QUESTION: Who can legally buy refrigerant?
ANSWER: Under federal law, it is illegal to sell R-12 refrigerant to anyone who has not passed an EPA-required certification course on refrigerant recovery and recycling procedures. This applies to professional technicians as well as DIYers. Some states and municipalities also have their own “can ban” laws that prohibit the sale of R-12 in small disposable cans.
The federal certification requirement has been in place since 1993. It also requires all repair facilities that do air conditioning work (whether recharging or repairs) to have certified A/C technicians, and to own and use an EPA approved and Underwriters Laboratories (UL) certified R-12 recovery and recycling machine. No venting of any type of refrigerant is allowed under current rules (R-12 or R-134a).
Why ban the sale of R-12 to DIY customers? The EPA wants to discourage DIY customers (and noncertified technicians) from recharging leaking A/C systems that should be fixed. Refrigerant leaks can be found with an electronic leak detector, or by adding ultraviolet dye to the A/C system, driving the vehicle for a couple of days with the A/C on, and then shining a UV light on the A/C system components to reveal the leak. The dye leaves a telltale yellowish-green stain that glows under UV light.
The R-12 can ban is almost a moot point these days because R-12 has mostly disappeared from the market. Since its phase-out, supplies have become very limited and prices are high. R-12 was phased out because it contains chlorine. When R-12 is vented into the atmosphere, the molecules react with ozone high in the earth’s atmosphere and destroy ozone faster than it can reform by natural processes. The ozone layer is important because it acts like a shield and blocks harmful ultraviolet radiation from the sun. Scientists say the ozone layer has thinned significantly and blame the loss on the release of man-made chloroflurocarbon (CFC) compounds such as R-12.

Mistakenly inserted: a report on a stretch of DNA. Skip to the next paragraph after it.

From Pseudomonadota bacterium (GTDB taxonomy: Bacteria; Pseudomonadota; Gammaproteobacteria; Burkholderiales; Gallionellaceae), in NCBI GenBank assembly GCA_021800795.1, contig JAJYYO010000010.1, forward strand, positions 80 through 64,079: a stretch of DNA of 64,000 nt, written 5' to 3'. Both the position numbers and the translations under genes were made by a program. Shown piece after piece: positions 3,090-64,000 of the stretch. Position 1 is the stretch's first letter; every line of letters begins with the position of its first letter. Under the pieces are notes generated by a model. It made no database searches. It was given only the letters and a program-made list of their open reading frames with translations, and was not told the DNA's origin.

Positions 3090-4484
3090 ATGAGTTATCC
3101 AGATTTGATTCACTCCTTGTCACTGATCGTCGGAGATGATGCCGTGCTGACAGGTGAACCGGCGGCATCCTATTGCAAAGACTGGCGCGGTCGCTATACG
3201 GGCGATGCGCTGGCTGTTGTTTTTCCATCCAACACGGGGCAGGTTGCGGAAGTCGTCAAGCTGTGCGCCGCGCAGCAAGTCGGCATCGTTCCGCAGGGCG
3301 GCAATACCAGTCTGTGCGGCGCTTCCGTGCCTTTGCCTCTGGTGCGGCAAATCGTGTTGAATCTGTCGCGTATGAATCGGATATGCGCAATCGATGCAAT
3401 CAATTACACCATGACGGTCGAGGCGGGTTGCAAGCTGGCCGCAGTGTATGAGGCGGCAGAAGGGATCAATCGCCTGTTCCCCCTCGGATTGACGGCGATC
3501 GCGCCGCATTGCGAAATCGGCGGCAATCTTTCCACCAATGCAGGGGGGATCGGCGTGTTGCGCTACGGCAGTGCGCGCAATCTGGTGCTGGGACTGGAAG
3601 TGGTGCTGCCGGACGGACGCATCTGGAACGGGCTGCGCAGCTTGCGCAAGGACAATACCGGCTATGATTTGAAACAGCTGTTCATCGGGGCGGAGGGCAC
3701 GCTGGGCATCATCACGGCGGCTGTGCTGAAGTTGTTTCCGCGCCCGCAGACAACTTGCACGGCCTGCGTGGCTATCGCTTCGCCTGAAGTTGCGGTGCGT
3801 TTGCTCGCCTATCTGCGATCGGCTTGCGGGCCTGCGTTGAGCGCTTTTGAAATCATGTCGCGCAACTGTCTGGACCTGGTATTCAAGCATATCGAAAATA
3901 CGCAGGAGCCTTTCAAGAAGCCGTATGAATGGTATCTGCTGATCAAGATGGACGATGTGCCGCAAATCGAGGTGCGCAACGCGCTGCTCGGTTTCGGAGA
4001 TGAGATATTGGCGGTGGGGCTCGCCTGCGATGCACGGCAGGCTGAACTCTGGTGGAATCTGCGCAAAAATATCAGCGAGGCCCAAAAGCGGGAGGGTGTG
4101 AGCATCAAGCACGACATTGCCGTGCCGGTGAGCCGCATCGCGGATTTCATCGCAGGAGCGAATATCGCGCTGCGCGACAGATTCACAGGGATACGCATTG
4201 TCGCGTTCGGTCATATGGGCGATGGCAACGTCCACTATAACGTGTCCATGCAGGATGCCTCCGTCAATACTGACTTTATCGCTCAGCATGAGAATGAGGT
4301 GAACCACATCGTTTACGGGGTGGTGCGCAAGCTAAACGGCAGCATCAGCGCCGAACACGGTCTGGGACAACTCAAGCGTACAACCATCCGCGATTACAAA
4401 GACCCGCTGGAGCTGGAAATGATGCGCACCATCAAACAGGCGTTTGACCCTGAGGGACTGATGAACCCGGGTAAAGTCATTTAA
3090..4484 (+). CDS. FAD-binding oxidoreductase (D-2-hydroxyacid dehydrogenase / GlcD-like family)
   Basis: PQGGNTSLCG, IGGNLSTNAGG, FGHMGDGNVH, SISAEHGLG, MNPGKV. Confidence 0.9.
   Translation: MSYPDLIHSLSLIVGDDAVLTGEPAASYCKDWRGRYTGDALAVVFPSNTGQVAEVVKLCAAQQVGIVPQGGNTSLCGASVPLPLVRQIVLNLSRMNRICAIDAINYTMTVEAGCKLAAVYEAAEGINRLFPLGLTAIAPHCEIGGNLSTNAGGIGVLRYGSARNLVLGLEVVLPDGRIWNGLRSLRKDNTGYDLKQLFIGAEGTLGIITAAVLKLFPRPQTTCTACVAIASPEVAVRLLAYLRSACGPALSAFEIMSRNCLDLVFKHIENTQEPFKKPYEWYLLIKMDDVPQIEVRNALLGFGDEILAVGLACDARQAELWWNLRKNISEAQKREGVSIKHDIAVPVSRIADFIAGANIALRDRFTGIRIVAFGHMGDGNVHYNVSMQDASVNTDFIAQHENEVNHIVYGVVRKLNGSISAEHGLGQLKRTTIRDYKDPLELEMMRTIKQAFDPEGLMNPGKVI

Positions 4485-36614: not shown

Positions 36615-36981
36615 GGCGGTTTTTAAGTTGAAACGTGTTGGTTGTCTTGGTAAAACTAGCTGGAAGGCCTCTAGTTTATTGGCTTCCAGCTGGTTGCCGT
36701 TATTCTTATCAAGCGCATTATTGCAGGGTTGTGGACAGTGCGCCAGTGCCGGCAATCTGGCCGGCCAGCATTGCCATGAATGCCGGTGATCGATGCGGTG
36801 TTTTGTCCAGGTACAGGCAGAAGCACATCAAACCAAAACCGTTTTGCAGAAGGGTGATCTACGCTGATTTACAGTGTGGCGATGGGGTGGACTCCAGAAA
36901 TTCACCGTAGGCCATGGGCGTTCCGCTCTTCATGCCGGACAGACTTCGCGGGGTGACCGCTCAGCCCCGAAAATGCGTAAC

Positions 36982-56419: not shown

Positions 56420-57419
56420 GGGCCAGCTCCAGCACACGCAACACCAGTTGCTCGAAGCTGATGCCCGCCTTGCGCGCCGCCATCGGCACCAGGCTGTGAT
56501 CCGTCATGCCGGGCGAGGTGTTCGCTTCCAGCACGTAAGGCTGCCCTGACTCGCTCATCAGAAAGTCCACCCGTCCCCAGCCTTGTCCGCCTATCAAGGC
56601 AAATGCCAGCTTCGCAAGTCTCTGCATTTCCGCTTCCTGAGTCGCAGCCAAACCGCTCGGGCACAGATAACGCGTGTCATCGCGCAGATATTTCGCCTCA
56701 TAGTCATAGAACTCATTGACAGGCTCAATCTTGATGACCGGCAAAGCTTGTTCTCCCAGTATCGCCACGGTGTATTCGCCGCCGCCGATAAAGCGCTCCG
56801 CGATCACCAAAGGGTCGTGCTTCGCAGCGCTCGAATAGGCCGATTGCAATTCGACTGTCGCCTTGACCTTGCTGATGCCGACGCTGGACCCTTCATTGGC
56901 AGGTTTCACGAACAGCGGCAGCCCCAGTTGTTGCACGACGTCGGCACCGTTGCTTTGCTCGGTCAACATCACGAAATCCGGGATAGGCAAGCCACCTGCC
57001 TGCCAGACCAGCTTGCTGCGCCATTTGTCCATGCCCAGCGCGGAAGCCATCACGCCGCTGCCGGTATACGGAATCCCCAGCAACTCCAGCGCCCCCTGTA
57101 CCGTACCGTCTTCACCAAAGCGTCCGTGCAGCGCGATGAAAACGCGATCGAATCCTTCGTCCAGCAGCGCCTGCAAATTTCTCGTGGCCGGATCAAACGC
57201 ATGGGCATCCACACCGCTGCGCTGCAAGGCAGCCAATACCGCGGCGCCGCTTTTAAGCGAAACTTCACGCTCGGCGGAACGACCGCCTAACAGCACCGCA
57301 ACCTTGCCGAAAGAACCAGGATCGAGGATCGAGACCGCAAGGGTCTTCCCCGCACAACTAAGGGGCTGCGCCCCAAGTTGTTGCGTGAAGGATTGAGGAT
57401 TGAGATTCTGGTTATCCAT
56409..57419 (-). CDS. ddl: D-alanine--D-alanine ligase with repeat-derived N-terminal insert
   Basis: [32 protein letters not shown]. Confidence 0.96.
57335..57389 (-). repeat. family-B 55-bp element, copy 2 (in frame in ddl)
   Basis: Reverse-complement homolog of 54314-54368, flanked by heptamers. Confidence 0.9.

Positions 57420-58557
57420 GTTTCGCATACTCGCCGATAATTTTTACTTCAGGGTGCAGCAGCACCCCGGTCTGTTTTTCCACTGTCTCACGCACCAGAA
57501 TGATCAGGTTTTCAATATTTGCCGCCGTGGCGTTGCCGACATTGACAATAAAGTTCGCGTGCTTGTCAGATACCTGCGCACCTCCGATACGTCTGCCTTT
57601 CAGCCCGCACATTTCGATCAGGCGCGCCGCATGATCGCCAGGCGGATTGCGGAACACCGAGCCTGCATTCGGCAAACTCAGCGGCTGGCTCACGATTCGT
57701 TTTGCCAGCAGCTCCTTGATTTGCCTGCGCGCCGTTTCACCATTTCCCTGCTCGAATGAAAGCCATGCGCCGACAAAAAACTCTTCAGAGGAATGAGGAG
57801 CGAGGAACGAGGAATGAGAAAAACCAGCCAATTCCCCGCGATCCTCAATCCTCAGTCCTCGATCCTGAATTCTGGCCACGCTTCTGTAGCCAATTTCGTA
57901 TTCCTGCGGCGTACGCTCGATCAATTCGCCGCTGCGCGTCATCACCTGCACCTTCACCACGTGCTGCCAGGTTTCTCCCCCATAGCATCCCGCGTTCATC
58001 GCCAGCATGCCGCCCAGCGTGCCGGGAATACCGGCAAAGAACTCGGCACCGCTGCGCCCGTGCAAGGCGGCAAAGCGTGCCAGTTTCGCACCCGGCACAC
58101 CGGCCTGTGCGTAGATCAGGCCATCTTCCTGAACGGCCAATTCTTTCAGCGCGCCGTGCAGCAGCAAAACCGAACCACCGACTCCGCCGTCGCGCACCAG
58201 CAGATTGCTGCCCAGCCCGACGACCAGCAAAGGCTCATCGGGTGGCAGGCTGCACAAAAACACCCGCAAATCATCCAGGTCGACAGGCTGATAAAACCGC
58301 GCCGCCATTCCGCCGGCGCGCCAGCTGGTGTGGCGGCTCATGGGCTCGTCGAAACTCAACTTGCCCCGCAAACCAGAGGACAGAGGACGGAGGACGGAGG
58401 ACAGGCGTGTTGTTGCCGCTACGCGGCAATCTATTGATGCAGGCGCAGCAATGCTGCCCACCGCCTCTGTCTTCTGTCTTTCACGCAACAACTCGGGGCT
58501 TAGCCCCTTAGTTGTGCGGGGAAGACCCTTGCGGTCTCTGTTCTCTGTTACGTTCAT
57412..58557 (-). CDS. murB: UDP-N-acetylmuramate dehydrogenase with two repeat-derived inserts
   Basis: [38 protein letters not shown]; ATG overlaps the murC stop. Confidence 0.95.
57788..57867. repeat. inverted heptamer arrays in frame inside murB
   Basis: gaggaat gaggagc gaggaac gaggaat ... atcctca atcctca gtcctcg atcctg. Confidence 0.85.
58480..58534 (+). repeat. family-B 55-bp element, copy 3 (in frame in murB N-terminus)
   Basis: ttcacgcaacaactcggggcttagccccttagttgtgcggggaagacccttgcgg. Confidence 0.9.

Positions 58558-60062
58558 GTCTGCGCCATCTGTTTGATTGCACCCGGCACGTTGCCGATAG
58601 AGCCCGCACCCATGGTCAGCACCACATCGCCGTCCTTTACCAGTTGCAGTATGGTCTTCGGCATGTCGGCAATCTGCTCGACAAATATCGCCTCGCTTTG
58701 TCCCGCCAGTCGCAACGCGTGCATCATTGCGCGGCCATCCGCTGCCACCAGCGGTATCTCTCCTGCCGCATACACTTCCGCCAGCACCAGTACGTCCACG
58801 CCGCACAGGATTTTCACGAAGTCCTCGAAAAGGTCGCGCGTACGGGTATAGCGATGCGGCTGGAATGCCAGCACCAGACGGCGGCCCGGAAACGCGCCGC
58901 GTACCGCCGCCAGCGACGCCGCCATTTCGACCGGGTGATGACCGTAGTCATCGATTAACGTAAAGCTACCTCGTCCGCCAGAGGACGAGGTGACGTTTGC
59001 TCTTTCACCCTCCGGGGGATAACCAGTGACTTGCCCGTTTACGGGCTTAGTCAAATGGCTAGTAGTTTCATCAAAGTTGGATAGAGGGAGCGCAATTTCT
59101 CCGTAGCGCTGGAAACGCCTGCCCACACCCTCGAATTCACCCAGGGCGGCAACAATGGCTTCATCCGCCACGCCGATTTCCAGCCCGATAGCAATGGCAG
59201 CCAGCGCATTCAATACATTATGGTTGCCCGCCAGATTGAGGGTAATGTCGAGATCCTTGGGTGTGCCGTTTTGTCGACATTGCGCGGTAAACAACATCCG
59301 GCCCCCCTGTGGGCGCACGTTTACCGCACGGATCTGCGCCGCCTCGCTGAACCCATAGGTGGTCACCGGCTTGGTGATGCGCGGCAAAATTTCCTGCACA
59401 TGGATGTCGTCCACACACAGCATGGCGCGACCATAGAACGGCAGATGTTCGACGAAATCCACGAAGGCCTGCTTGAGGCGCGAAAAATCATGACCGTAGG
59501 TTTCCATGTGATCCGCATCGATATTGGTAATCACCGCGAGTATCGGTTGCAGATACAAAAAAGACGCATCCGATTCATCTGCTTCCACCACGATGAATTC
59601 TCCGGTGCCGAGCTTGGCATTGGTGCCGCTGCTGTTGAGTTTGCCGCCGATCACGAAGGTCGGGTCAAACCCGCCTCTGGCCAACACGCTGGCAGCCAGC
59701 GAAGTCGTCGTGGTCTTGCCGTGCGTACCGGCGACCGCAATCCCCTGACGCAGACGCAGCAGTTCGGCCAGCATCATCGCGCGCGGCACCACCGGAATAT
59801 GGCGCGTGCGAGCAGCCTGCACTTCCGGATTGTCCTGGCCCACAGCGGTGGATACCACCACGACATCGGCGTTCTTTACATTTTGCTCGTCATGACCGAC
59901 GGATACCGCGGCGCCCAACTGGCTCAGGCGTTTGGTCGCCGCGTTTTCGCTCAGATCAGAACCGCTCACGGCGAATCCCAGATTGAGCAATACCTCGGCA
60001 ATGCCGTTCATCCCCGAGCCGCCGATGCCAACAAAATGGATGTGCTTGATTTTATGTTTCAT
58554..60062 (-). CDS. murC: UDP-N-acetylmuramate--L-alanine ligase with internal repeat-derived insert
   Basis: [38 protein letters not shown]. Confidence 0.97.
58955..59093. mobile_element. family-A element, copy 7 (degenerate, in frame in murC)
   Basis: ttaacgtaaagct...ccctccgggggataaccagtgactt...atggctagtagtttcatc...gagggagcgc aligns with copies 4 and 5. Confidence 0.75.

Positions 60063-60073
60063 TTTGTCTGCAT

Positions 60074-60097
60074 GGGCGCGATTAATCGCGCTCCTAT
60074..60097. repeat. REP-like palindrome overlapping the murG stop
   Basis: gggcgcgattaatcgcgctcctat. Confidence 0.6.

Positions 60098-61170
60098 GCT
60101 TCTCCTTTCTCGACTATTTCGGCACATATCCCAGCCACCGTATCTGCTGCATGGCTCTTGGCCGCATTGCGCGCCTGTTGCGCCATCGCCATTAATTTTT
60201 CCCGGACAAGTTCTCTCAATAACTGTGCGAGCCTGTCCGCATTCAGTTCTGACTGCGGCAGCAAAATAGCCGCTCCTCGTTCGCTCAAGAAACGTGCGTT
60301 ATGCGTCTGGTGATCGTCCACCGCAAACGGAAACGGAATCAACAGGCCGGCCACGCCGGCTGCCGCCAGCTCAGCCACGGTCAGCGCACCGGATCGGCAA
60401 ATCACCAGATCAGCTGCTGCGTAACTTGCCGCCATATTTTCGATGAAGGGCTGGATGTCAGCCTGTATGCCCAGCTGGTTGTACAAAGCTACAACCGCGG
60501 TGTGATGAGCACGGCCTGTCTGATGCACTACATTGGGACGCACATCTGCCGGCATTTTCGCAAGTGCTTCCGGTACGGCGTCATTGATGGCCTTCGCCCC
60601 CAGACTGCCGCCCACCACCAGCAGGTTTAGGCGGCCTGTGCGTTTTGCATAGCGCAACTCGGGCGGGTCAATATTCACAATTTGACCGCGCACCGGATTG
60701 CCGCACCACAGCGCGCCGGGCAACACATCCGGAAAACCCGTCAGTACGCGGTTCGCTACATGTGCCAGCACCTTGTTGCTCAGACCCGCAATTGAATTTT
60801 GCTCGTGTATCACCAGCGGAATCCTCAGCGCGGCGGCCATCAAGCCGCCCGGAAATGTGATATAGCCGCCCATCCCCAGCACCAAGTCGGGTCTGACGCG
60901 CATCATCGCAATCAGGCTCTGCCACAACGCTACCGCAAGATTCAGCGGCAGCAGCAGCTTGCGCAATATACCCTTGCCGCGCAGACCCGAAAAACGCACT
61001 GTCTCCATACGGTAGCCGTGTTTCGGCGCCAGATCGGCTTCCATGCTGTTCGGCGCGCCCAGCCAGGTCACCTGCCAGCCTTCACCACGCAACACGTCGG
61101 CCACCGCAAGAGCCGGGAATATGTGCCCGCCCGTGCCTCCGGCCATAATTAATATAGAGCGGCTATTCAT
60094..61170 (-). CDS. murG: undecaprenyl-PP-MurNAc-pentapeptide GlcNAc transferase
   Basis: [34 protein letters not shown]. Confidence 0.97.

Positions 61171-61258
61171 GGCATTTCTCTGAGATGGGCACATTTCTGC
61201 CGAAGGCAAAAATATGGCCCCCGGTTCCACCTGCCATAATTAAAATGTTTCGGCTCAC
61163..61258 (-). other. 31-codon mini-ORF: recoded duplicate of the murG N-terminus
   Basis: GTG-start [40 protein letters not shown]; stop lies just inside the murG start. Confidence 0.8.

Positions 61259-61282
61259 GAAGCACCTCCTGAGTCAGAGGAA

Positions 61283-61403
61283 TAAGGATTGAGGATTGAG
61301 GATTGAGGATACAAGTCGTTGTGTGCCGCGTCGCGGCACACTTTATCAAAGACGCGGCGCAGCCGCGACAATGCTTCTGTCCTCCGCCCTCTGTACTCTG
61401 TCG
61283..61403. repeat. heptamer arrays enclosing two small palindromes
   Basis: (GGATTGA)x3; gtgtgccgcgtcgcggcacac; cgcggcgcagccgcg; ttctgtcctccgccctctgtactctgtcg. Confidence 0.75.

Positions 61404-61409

So what about R-134a, the new “ozone-safe” refrigerant that has been used in new vehicles since 1993-94? R-134a contains no chlorine, so it cannot harm the ozone layer. But R-134a is a “greenhouse gas” that retains heat and contributes to global warming. The debate now is whether R-134a poses an environmental hazard and should also be phased out. One alternative engineers are investigating is the use of carbon dioxide (CO2) as a refrigerant. It is nontoxic, won’t harm the ozone layer and has a global warming potential rating of 1 compared to 1300 for R-134a. But CO2 (also called R-744) requires a complete redesign of the A/C system because it operates at extremely high pressures (over 1100 psi). A more likely replacement might be a refrigerant called R-152a, which has a global warming potential rating of 140, but operates at similar pressures to R-134a.
As for R-134a, you can legally sell it to anyone, whether they are a DIY customer or a professional technician, certified or not. Some municipalities may have their own laws that prohibit or restrict the sale of any refrigerant (R-12, R-134a or other alternative refrigerants) in small cans, but at the federal level, the small disposable cans are still legal (at least for now).